On the sad occasion of COVID 19 pandemic I was trying to react to the difficult situation of my beloved artists and in this way purchased in Bandcamp several early records of François, including the first ones with the Carrier/Lambert duo. In fact, “Poursuite” was in the pre-Lambert era, in 1994 at Studio Michel Dionne in St. Lambert. It was performed by a trio with Pierre Côté and Yves Jacques augmented, however, by Guy Bernier on tempura. Pierre become the pillar of the François Carrier Trio that will incorporate Michel Lambert in 2000. The group does not yet play a “kind free jazz”. The music they play is a complex contemporary jazz, with elements of free. It reminds me of music my beloved “early” Jan Garbarek and Charles Lloyd. The opening “Papoues” by Pierre Côté with a great theme, illustrates this perfectly. The second “Niskar” by Yves Jacques is my favorite. It is a nearly 9-minute long ballad, a little in the style of Joe Henderson. François’ “Blindfold Test” is another favorite of mine, mostly for the wonderful theme. Another François’ track that throws the listener on her/his knees is “Reflextion”, with absolutely stunning “walking bass” work of the section and the theme in the Sonny Rollins’ style. I also dig “Marylin” by François and Julie Pouliet, a ballad of beauty comparable to Sam Rivers’ “Beatrice”, notable also from Joe Henderson’s interpretations. “Intuition” is a trio record with Pierre Côté and probably his brother, François on drums. It is a very good album, but is lacking yet the tension and mutual synergy that the presence of Michel Lambert will bring. Still, among the 8 original compositions of François there are true pearls. The music continues the lines of “Poursuite”, perhaps being a little more peaceful and ballad oriented, as already the opening “Heart of the Matter” with a stunning bass solo suggests. My favorites “Petit Marius Deviendra Grand” in John Coltrane mood, and the title track, “Intuition” with the clear excursion toward the land of free jazz. This record of François belongs quite strongly to the post-Coltrane paradigm: in fact, the last track is a wonderful reading of “Lonnie’s Lament”. From the liner notes: “Intuition” is the second release from the François Carrier Trio. They perform frequently in Quebec City and it’s a treat to be able to hear these outstanding Canadian musicians. Mr. Carrier plays impassioned alto saxophone in a program of deeply emotional and spontaneous incantations. His band mates provide intuitive support and excellent solos. “Compassion” is an excellent trio album, a birth of the legend in a sense. It is the first records of François and Michel together. It was recorded by the quartet with François, Michel and Pierre plus an extraordinary pianist Steve Amirault. The music keeps the Coltrane-early Garbarek-Charles Lloyd style, and is simply stupendous. The opening title track throws the listeners in their knees later, but all the tracks are simply extraordinary. “Moksha” is a fast piece with a great walking bass/drums support. The motifs and the atmosphere of “Mind and Play” reminds me more of Ornette Coleman’s music. There is a great drums solo, later delicately supported by the alto and drums. I dig “Quest”, a fast track with particularly appealing saxophone lines. But, the best of the best is the closing, nearly 14 minutes long “Nying Je” with a truly Monkish theme and fantastic work of piano. This album, recorded at Studio Victor in Montréal, Quebec, was the Juno Award Winner for Best Contemporary Jazz Album 2000. Fantastic stuff!!!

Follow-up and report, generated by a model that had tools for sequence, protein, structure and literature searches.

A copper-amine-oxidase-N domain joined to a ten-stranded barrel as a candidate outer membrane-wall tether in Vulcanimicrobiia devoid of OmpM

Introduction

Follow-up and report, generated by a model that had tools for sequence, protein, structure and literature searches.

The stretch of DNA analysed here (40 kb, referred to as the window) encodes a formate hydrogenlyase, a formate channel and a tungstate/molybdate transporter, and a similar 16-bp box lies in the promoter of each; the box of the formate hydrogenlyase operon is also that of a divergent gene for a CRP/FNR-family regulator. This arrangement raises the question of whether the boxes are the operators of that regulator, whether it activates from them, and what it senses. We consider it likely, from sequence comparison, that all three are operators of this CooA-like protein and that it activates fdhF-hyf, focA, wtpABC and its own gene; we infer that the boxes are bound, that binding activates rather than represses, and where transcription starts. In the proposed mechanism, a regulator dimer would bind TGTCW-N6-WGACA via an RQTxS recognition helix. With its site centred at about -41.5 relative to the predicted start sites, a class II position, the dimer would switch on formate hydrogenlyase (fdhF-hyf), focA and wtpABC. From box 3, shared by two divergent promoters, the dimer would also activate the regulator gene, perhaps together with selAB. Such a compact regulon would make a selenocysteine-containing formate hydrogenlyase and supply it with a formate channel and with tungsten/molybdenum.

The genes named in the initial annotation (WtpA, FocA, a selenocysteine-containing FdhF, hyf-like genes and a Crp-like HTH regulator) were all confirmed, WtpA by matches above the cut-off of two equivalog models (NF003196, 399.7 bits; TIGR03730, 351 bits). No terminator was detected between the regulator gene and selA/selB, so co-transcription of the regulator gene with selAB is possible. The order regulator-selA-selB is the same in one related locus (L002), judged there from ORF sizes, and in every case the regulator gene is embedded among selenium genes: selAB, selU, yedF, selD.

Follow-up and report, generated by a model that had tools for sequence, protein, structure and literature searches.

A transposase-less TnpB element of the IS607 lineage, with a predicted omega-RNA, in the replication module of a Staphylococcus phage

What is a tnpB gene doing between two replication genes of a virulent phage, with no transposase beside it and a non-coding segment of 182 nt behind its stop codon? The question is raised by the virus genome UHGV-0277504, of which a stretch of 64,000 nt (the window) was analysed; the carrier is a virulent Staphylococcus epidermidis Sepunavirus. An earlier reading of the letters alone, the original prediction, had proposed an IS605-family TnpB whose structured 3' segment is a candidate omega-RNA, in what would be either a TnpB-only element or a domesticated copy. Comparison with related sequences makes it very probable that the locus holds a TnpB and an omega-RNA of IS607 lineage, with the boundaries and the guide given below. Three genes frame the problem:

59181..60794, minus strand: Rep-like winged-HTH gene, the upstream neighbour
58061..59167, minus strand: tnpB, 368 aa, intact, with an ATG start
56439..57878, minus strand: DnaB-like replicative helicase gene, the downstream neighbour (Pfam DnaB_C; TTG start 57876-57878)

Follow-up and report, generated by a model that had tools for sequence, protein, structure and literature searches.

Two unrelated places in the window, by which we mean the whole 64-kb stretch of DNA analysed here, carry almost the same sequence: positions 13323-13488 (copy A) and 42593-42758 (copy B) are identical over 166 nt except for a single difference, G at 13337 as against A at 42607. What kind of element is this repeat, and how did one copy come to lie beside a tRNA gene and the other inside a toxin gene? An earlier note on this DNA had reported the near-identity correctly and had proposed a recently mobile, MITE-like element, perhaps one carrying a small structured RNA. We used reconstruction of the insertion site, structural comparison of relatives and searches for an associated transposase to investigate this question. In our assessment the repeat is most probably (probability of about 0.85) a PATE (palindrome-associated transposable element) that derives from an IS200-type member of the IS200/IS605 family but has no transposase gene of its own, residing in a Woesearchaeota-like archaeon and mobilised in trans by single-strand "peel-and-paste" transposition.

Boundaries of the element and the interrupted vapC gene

“Play” presents The François Carrier Trio au naturel. Quoting the liner notes: “It may not come as a complete surprise to listeners who have been following Canadian saxophonist François Carrier’s work, but his new trio record has a very odd sense of coherence. It’s odd for two reasons: one, because “Play” was compiled from a total of seven different appearances during the trio’s 2000 Canadian tour, at locations from British Columbia to Nova Scotia; two, because most of the recording (six of eight tracks) consists of fully improvised music. Somehow all those stops on the road hang together quite nicely when the deed is done.” Indeed, “Play”, recorded live in 2000 and released in 2004, is a breakthrough album for Carrier-Lambert duo entering clearly the “kind free jazz” era. The opening “Play” is a wonderful example of this new approach to the music. “Le Marais” with fast “walking bass” part is another, yet very different example. Perhaps the most open track is “Open Conversation”, as the title indicates. In contrast, “Insomnie” is more “traditional”, but at the same time more beautiful and non-trivially melodic. I like “Ballet”, notable for the fantastic drums solo and alto/drums dialogues. But, my unquestionable favorite is “La Danse de Grand-Mie”, an 11-minute long “waltz” full of joy and allegría. The set ends with… “Happy Birthday”, which has sentimental values for me: François send me once to listen for my